Those who take a traditional ("brick and mortar") approach to education often ask about curriculum. As stated above, it is offered "free" through the State and we could opt to use it. However, we choose a different approach, looking at state standards at the start of the year and again when making year-end assessments and then setting individual goals for the grade ahead of each girl's age. We then add E.D. Hirsch competencies, mix in some Classical Education goals, and ask our students what they want to learn. That approach provides a framework and from there we go where the year's journey takes us, exploring topics and taking classes as opportunities and interests arise. For the past two years, for example, we've had a monthly book club and done a monthly Country Day celebration that goes well beyond state grade standards, introducing literature above grade level and allowing international interests to flourish as we explore culture, geography, history, politics, science, and more. Similarly, while State standards introduce science in only very marginal ways at the younger grades, the girls have taken introductory courses in chemistry, astronomy, geology, and evolution and have had mentor/teachers in their lives who specialize in entomology, botony, and ornithology.

We do build basic skills (reading, writing, math) through daily work, which we aim to do at least five times a week, but without more than a day in-between. (In other words, when other classes begin early during the week, we work on Saturdays, too.) We then apply this learning through opportunities that arise along the way. This is where we have the most fun, living and learning with a diverse network of friends, including both a core of overlapping circles whom we see several times a week and evolving eddies of new influences as interests shift and opportunities arise. (For homeschoolers/custom schoolers, the "socialization" question is a joke, since we are so rarely at home and busy with such a broad variety of social opportunities. Plus, we relish the diversity of the homeschool social experience, with students joining each other to learn based on interest, not on a very narrow age spread, and extending to communities that would never be encountered in a local school experience.)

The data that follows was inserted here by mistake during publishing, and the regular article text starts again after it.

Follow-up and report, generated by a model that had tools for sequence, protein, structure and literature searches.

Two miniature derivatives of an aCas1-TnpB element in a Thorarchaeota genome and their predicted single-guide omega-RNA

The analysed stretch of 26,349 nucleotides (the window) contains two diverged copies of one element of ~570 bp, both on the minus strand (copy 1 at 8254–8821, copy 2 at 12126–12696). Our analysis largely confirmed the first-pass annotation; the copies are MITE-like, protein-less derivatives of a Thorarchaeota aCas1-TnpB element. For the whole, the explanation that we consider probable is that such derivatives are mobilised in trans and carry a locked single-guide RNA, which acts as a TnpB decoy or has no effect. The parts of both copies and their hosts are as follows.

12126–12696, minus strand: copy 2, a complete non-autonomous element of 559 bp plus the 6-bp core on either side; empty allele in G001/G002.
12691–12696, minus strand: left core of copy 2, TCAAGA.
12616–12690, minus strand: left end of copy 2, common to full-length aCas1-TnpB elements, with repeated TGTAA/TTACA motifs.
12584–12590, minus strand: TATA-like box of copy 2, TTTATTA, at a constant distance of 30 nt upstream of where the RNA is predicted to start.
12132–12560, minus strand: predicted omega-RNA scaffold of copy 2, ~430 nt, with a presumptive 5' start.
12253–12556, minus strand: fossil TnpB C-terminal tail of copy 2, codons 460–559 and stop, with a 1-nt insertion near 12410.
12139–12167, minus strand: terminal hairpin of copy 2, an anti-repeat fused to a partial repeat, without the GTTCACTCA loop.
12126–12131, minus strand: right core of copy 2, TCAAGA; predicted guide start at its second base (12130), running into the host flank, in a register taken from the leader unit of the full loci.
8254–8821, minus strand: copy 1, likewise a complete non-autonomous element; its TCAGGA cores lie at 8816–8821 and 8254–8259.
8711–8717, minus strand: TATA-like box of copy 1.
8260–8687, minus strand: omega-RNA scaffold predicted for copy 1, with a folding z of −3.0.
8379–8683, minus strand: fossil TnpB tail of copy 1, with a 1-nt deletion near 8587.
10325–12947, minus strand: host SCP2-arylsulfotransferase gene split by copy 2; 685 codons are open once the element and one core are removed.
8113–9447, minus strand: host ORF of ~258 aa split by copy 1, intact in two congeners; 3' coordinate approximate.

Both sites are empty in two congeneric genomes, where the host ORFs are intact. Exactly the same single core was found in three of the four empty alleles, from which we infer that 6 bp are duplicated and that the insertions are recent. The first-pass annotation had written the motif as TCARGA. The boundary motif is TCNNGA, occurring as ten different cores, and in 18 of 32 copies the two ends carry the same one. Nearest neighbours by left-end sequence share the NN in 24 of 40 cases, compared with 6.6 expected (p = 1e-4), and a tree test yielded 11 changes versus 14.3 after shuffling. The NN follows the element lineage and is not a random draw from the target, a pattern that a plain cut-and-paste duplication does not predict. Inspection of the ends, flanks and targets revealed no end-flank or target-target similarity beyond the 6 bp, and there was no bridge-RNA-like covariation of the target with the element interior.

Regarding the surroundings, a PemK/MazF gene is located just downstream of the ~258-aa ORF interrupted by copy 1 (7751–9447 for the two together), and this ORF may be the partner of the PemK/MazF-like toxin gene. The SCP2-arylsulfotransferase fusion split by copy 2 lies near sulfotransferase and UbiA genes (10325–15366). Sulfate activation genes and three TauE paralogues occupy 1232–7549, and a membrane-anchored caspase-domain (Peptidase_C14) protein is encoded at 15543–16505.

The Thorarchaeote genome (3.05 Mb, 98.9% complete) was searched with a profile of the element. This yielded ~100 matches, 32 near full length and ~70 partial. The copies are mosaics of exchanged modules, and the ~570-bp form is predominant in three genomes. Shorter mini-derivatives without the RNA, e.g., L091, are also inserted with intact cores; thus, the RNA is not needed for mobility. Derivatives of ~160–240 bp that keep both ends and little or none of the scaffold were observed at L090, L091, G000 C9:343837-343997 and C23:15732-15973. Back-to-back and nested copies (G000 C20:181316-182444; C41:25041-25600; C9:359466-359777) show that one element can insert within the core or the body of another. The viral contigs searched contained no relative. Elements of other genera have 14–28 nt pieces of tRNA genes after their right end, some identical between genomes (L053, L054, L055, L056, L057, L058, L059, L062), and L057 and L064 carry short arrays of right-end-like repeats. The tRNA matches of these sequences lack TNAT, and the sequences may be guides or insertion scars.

Finally, one criticism of homeschooling is that it is for "religious wackos." We are, admittedly, more religious than many of our homeschooling friends, which as a community in this part of the country seems more apt to be hostile to religion. That said, homeschooling allows us to incorporate our sincerely held religious beliefs (and our own ongoing learning about our faith) in a holistic way into every day activities without apology or segregation. In other words, we can be fully who we are, which is a refreshing change of pace from every academic/professional experience I've ever previously had.

More important than the specifics of curriculum or approach is our embrace of the philosophy of play. We try to play, play, play, in Gadamer's best interpretation of the word, with authentic respect to every child's natural understanding and with strong belief that extended periods of creative play nurture creativity, a life long love of learning, and an ontological understanding of leadership. This approach, encompassing our entire family and families within our network of wonderful friends, is fun and dynamic, and provides the kids with models of adults who truly relish learning and do so fully visible to the children whom we hope adopt the same approach.